Circuit breakers temporarily halt trading when share prices hit predefined levels. They were put in place in the US markets with the approval of the Securities and Exchange Commission (SEC) to give investors some time to understand what's happening when there are large and sudden changes in share prices. Sometimes the halt can be 5 minutes, but when the volatility is larger, the markets can close for the day. 

For individual companies, a circuit breaker can be triggered if the share price increases or decreases rapidly (e.g. a company's share price goes up or down by 15% in five minutes).

Broader market circuit breakers only kick in when there is a sudden drop (e.g. if the S&P 500 drops 7% in one market day).

Why circuit breakers?

Circuit breakers are designed to avoid panic-selling - when a circuit breaker kicks in, it means the markets are operating as they are supposed to. They were first put in place after the 1987 share market crash and then updated in 2010 after a 'flash crash' (rapid drop in the market that bounced back quickly), that the existing circuit breakers failed to stop.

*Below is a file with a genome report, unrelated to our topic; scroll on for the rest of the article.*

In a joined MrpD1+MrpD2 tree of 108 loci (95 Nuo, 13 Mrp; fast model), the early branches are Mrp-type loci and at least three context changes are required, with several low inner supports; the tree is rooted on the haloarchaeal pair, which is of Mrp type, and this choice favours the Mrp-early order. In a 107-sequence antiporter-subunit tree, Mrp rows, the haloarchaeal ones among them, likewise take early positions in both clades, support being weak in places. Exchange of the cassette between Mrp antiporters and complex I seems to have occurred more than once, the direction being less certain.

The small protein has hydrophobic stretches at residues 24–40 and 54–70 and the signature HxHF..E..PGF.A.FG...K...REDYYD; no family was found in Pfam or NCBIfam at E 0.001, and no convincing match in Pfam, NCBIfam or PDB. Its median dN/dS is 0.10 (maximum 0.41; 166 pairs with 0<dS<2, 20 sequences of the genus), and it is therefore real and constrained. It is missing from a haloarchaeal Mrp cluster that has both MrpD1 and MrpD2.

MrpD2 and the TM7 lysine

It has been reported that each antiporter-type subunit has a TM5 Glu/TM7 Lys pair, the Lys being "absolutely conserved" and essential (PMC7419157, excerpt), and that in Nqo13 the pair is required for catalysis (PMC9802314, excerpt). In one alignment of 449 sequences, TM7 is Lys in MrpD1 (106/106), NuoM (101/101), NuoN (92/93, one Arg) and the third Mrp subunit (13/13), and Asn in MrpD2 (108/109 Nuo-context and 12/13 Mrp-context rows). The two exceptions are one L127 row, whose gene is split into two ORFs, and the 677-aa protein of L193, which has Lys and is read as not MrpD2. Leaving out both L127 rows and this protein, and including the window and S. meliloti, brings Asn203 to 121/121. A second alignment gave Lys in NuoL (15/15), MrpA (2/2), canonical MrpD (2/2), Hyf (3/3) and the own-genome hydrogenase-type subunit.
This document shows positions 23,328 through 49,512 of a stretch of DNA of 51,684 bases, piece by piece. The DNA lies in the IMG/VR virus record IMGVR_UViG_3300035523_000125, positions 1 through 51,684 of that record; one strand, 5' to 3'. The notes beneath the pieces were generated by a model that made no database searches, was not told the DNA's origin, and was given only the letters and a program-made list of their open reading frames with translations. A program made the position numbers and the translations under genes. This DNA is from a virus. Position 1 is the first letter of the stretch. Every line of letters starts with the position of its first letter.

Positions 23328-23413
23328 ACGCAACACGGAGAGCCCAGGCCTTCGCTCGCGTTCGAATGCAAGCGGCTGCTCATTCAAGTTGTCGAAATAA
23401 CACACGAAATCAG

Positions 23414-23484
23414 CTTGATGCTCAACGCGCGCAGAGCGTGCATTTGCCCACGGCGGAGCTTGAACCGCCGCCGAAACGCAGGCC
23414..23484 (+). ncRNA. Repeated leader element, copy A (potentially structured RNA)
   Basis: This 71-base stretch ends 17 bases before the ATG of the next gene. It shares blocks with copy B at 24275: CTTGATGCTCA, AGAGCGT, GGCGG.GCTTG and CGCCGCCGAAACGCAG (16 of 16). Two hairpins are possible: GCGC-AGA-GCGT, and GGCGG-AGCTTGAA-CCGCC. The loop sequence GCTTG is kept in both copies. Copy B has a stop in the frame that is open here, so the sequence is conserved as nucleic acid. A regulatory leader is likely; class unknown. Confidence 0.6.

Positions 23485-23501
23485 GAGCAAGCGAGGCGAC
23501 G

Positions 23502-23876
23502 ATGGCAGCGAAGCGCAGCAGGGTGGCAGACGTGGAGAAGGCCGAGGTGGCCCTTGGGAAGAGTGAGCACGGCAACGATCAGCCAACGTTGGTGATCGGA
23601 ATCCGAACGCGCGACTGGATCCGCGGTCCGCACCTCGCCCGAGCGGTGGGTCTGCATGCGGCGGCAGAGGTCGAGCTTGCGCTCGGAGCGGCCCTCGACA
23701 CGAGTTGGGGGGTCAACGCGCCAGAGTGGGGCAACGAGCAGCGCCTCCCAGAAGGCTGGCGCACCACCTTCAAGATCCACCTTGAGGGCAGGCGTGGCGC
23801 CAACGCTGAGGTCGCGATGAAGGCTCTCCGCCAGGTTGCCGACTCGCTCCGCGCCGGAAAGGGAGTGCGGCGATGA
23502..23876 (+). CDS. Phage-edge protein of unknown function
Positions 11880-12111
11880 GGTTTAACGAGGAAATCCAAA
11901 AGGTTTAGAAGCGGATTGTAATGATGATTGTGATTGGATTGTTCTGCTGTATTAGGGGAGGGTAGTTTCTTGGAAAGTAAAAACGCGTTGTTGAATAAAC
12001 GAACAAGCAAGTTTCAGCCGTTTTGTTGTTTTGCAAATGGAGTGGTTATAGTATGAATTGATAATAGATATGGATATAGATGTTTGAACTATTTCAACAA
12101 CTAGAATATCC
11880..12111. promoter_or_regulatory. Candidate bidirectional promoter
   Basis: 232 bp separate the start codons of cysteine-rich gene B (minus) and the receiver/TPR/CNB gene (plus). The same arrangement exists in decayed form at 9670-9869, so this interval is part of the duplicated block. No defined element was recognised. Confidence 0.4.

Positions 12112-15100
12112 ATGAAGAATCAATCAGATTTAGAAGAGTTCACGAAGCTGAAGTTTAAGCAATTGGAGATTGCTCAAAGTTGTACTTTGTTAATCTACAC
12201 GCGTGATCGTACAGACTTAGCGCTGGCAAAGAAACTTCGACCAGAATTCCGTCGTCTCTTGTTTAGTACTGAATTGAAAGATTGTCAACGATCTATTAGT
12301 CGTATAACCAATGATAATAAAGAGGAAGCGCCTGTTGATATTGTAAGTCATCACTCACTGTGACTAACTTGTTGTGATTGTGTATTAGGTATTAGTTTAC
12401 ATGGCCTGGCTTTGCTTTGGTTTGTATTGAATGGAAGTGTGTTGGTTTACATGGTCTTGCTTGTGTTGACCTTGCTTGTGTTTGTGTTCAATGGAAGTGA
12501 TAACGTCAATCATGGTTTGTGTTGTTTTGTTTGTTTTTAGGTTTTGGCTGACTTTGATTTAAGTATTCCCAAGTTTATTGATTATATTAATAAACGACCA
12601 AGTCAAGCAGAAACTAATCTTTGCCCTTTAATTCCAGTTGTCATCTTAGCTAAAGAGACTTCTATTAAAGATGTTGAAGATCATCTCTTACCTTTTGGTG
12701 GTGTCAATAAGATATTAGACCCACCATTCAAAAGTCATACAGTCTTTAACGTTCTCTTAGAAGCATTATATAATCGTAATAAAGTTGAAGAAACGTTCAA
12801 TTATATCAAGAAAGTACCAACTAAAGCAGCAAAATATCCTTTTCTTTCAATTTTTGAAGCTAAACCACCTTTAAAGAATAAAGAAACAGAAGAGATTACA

Because the US share markets are largely electronic, drops in share prices can quickly become more extreme when they trigger automated buys and sells on mass. By halting trading, those automated triggers have a chance to be tweaked and every day investors have some time to understand what's happening and calm their emotions.

On Monday 9 March 2020 EST, a circuit breaker was triggered when the S&P 500 dropped by 7%  four minutes after the markets opened. The 15 minute break appeared to work as it was designed. After trading resumed, the S&P 500 only dipped a little more, and closed 7.6% lower than the opening price.

What will spark a market-wide circuit breaker?

In the US, circuit breakers have three tiers. 

Level 1 halt (7% drop)

  • Trading will halt for 15 minutes if drop occurs before 3:25 p.m EST.
  • At or after 3:25 p.m EST, trading will continue, unless there is a Level 3 halt.

Level 2 halt (13% drop)

  • Trading will halt for 15 minutes if drop occurs before 3:25 p.m EST.
  • At or after 3:25 p.m EST, trading will continue, unless there is a Level 3 halt.

Level 3 halt (20% drop)

  • At any time during the trading day—trading will halt for the remainder of the trading day.

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